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Mrs. McCue has a clue

Snow day, ice day or both? Just ask Mrs. McCue
Mrs. McCue
English teacher Sandra McCue shows a forecast model to her students illustrating average precipitation rates across the country.

If TV weathermen everywhere aren’t jealous, they should be. A local outdoor enthusiast with a keen interest in natural phenomena has stolen their thunder. Introducing South’s weather prophetess, English teacher Sandra McCue has built a reputation around her meteorological abilities.

McCue’s foresight took South by storm when she predicted a series of cold and ice days that interrupted midterms. However, with her zeal for birdwatching and science, McCue is anything but psychic.

“I’m just a curious person,” McCue said. “I’ve always enjoyed researching all kinds of things, and if I learn about something, I tend to want to know everything there is to know about it. I think weather is a little bit like that.”

Skywarn is a nationwide network of trained weather spotters who report storms. Members are required to complete a course through the National Weather Service (NWS). McCue earned her certification two summers ago, and she’s been putting her credentials to work.

“(McCue) is the English department’s official prognosticator,” English teacher Kevin Cox said. “When weather gets kind of rough, either via email or our department’s official group text, we will often ask, ‘What do you think? Are we going to have a snow day?’”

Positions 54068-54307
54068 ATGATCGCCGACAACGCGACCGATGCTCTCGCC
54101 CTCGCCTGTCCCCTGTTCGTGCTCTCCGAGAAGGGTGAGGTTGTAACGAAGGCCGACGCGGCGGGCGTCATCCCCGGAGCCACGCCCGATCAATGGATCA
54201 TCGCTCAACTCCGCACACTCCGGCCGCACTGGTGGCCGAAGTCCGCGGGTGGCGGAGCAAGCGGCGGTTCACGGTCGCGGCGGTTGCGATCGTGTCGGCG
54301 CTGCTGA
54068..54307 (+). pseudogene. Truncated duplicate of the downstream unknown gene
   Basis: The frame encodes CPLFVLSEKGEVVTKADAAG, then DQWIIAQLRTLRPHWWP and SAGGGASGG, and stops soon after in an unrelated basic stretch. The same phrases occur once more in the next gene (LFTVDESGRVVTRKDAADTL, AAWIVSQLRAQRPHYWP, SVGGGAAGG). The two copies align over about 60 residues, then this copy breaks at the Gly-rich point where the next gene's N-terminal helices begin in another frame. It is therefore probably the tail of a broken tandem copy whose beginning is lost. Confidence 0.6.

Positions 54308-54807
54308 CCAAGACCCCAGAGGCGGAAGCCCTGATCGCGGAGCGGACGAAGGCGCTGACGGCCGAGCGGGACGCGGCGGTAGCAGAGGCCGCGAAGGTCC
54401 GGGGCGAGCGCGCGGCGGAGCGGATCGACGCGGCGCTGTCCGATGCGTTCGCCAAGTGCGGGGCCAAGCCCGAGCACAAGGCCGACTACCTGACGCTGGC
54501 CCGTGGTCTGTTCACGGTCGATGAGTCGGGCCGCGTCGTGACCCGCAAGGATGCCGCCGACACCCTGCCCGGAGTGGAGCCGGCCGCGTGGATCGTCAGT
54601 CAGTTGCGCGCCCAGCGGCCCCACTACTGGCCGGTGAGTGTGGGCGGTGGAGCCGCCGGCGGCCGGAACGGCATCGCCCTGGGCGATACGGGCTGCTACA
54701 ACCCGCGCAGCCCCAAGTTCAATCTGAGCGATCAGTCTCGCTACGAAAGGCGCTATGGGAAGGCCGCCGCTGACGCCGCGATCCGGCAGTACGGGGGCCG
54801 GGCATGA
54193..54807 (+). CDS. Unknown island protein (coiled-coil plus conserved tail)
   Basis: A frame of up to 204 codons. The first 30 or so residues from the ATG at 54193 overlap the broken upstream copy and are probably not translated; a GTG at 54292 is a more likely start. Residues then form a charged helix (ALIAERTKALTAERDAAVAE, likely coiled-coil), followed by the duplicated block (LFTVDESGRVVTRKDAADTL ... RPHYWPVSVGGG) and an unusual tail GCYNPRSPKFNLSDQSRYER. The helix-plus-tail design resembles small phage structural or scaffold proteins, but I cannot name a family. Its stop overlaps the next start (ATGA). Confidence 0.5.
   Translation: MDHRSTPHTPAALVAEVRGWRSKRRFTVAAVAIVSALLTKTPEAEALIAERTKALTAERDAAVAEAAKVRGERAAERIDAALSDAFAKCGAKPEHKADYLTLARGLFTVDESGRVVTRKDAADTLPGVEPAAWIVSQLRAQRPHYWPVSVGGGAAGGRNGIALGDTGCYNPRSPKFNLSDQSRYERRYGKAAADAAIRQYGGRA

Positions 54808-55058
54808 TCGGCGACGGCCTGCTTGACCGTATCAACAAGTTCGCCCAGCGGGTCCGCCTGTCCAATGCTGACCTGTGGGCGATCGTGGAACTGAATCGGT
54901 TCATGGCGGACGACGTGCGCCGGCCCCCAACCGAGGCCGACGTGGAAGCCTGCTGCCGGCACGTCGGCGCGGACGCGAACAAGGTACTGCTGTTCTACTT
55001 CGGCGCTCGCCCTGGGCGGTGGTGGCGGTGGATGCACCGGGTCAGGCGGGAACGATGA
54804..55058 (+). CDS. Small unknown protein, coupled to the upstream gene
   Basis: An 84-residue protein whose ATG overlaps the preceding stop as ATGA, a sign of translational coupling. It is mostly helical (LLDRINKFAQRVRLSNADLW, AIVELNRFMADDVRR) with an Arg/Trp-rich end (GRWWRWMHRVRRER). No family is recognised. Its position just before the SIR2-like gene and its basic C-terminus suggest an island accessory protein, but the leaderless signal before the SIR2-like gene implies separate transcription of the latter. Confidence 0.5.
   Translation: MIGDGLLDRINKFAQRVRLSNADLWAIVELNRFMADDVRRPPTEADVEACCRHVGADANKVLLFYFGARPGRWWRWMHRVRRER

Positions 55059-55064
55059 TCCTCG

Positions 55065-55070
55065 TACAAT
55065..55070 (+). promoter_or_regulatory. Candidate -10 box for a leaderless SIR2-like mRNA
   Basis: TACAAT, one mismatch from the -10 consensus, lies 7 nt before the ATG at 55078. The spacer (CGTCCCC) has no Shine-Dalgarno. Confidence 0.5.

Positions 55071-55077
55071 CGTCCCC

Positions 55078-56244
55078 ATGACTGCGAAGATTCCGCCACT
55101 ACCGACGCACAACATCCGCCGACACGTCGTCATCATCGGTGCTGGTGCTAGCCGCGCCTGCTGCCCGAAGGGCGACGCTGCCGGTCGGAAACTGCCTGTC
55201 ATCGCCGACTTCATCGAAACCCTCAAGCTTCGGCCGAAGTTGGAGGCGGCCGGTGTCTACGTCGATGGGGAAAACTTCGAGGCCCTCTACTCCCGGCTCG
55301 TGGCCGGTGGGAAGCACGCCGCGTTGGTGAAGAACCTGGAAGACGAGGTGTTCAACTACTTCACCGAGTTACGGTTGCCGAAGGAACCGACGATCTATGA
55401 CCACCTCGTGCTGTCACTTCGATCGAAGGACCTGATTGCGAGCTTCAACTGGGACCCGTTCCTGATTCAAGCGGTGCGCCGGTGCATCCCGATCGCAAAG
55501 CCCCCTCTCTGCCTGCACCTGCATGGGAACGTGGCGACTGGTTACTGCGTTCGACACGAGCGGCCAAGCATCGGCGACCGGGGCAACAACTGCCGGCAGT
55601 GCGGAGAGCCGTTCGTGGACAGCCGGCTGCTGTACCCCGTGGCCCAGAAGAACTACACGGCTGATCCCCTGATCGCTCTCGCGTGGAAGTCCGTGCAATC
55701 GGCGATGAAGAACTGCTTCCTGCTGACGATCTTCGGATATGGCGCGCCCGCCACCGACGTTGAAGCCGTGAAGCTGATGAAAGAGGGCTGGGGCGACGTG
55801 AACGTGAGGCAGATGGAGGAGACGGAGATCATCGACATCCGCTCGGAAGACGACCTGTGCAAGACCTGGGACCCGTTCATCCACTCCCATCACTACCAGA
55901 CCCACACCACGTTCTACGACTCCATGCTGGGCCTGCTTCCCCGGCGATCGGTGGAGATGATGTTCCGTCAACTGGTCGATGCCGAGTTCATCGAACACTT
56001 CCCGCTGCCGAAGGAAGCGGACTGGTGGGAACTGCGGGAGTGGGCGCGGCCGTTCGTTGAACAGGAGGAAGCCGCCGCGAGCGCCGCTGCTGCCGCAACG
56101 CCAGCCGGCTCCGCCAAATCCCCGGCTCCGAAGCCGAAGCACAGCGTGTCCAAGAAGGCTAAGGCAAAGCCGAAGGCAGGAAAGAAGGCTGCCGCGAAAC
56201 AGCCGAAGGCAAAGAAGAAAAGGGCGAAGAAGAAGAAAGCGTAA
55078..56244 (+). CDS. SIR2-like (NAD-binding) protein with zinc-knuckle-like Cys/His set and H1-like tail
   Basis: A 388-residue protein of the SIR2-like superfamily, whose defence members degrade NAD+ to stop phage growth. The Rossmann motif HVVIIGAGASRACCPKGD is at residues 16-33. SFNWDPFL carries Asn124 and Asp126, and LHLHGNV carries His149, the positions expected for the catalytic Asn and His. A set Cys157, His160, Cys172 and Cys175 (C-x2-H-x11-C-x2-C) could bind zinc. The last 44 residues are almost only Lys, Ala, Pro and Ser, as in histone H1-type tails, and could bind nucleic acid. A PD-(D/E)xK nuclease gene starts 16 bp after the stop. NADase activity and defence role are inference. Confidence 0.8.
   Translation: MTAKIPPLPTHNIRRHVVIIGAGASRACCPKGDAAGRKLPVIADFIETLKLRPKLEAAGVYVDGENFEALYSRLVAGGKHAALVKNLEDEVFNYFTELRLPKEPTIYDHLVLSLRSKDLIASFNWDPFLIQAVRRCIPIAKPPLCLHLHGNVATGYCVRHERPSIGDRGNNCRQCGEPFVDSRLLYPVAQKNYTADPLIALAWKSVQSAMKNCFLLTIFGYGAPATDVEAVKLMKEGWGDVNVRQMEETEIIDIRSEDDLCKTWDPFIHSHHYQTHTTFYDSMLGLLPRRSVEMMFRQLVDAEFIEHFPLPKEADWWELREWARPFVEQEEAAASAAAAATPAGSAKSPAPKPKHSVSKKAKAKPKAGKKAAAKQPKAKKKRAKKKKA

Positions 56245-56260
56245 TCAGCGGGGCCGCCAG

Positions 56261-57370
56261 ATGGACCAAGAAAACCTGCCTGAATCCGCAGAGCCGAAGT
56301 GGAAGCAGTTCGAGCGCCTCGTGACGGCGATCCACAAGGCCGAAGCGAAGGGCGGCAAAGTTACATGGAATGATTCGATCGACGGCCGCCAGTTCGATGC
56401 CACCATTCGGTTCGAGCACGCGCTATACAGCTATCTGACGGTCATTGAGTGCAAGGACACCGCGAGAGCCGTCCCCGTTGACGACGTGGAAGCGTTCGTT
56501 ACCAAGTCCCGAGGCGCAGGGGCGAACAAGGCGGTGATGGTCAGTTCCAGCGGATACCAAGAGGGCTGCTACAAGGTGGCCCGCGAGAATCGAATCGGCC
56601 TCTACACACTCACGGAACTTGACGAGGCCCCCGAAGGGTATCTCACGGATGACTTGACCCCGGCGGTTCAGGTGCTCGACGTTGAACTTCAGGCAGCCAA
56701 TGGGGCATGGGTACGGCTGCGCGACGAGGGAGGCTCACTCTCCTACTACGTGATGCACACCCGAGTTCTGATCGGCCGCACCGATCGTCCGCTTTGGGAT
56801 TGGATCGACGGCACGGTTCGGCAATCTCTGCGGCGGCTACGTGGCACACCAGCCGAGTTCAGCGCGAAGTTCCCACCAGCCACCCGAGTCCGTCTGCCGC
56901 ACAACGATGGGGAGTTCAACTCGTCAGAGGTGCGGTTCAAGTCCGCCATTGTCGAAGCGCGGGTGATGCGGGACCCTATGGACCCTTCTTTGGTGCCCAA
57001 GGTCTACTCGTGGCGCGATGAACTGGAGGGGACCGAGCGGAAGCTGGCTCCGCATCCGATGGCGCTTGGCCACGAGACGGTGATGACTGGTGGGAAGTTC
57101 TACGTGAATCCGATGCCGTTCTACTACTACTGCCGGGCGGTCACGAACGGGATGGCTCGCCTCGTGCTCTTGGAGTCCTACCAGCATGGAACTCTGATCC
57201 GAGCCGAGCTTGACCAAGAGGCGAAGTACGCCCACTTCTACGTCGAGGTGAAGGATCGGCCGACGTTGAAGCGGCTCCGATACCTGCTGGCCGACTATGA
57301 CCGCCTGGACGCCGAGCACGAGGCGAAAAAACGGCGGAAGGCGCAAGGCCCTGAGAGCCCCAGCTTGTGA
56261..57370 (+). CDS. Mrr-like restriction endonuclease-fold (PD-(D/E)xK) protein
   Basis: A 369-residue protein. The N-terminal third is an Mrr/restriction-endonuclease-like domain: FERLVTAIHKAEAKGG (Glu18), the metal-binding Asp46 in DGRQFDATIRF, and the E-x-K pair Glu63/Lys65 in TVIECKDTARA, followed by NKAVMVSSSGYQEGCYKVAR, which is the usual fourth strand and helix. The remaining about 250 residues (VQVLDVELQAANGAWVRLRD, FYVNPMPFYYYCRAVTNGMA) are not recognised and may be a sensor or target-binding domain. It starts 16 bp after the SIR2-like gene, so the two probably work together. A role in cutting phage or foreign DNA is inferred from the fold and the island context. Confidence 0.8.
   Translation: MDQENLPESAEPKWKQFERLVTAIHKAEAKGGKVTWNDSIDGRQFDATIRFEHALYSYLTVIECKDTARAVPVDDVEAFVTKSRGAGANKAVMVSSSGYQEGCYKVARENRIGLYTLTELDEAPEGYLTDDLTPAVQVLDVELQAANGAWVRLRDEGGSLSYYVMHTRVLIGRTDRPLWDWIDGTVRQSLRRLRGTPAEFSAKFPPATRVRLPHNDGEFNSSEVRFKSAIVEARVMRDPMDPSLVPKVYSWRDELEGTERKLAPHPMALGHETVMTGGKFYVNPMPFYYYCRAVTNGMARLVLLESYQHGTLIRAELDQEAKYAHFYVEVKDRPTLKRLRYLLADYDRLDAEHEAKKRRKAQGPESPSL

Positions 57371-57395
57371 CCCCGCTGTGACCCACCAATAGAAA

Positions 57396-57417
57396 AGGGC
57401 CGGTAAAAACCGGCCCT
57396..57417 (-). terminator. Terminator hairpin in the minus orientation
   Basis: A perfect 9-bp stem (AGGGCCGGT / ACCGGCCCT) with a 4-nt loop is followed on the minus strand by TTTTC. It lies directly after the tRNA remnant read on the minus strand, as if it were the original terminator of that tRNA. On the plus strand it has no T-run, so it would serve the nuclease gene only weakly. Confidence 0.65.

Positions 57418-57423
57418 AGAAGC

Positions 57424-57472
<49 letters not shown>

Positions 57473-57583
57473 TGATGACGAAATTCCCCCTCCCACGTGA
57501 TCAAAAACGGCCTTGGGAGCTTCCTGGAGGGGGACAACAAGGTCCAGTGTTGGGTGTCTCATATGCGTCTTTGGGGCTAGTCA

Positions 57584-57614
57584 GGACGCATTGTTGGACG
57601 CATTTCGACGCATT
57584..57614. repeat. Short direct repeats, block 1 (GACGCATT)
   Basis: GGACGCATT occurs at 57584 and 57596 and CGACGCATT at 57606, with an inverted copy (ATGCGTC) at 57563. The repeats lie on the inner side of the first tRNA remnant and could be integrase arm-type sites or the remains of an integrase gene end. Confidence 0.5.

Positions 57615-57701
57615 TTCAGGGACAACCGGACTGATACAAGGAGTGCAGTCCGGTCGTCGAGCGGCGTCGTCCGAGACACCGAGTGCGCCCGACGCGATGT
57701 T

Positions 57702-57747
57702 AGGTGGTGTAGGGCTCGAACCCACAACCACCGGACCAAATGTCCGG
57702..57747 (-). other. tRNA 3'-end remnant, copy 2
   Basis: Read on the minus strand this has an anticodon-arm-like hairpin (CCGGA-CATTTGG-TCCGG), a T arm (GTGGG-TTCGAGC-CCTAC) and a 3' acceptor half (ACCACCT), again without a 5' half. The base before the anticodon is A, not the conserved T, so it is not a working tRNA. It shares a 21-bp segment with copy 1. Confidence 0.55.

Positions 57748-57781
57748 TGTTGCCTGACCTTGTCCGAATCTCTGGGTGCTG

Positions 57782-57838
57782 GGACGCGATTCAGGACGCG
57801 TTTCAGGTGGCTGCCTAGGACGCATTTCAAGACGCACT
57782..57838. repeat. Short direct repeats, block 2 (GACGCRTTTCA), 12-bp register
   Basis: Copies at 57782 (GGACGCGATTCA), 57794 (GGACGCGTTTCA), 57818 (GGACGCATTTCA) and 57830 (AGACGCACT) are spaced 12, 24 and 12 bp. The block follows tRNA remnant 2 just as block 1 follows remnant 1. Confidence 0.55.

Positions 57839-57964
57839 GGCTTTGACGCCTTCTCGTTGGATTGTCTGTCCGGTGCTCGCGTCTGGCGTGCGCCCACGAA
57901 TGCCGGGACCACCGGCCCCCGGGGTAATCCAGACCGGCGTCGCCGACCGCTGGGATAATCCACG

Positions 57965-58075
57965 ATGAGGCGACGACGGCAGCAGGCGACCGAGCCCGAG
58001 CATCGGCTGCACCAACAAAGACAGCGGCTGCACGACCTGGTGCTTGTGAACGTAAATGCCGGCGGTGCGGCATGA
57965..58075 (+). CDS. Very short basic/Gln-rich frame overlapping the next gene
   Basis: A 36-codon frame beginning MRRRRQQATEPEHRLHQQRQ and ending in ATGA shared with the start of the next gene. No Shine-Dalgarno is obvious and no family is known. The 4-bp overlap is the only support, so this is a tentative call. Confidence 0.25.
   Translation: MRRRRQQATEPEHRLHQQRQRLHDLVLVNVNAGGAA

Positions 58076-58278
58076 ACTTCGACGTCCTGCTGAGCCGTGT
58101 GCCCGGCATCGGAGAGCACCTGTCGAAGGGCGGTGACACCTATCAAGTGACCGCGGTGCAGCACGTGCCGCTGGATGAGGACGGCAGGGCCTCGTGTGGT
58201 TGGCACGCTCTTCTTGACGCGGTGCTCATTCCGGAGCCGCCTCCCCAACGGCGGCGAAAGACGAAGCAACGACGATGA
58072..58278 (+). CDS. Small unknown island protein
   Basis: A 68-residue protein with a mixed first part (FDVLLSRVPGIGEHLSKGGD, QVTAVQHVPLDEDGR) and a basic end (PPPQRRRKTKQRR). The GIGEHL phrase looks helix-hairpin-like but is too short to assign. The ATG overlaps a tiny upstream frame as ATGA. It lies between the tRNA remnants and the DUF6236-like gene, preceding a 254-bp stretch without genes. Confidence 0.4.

The English department relies on McCue’s predictions to plan around every weather-related teaching obstacle from class cancellations to freeway traffic, according to Cox. If McCue says it’s going to be rainy, the teachers know to leave earlier for work.

“She’s actually better than a lot of forecasters you see on TV, because sometimes they’ll hype and promote things even if it ends up not being very severe,” Cox said. “McCue is very down to earth and very matter of fact.”

Bella Leonard ’24, McCue’s former student, said McCue was more accurate than most weather apps, including the popular online snow day calculator. She described McCue’s ability as almost uncanny.

“We would all get really excited if she thought that we were going to have a snow day because she was the best at predicting it,” Leonard said. “If McCue said that we were going to get one, then we did.”

Forecasting is actually a methodical process. McCue said she operates on more than just intuition. In order to make her predictions, she said she analyzes meteorological data provided by the NWS, forecast models and the behavior of local birds, who she explained eat more than usual before a big storm.

“I look at (many signs) enough where I can kind of tell if something’s going to end up being an actual storm or if it’s more (a situation) like, ‘Oh, they’re hyping it up, but it’s not really going to be enough,’” McCue said.

At home, McCue said she uses the solar-powered weather station built into her roof to measure wind speed and temperature. The machine broadcasts data to her smartphone, allowing her to actively monitor conditions.

“There are so many elements to (the weather),” McCue said. “Just one degree of temperature can make all the difference.”

McCue said that while there’s no guarantee, February is traditionally a snow-heavy month, so the future holds the potential for more cancellations.

“The only thing is that once we’ve had a few snow days, the powers that be are less and less likely to want to call another one,” McCue said.

In the meantime, she will continue to be on the lookout. Staff and students anxiously follow her predictions in anticipation.

“It’s been raining a lot these past few days,” Cox said. “Guess we’ll have to ask Mrs. McCue.”

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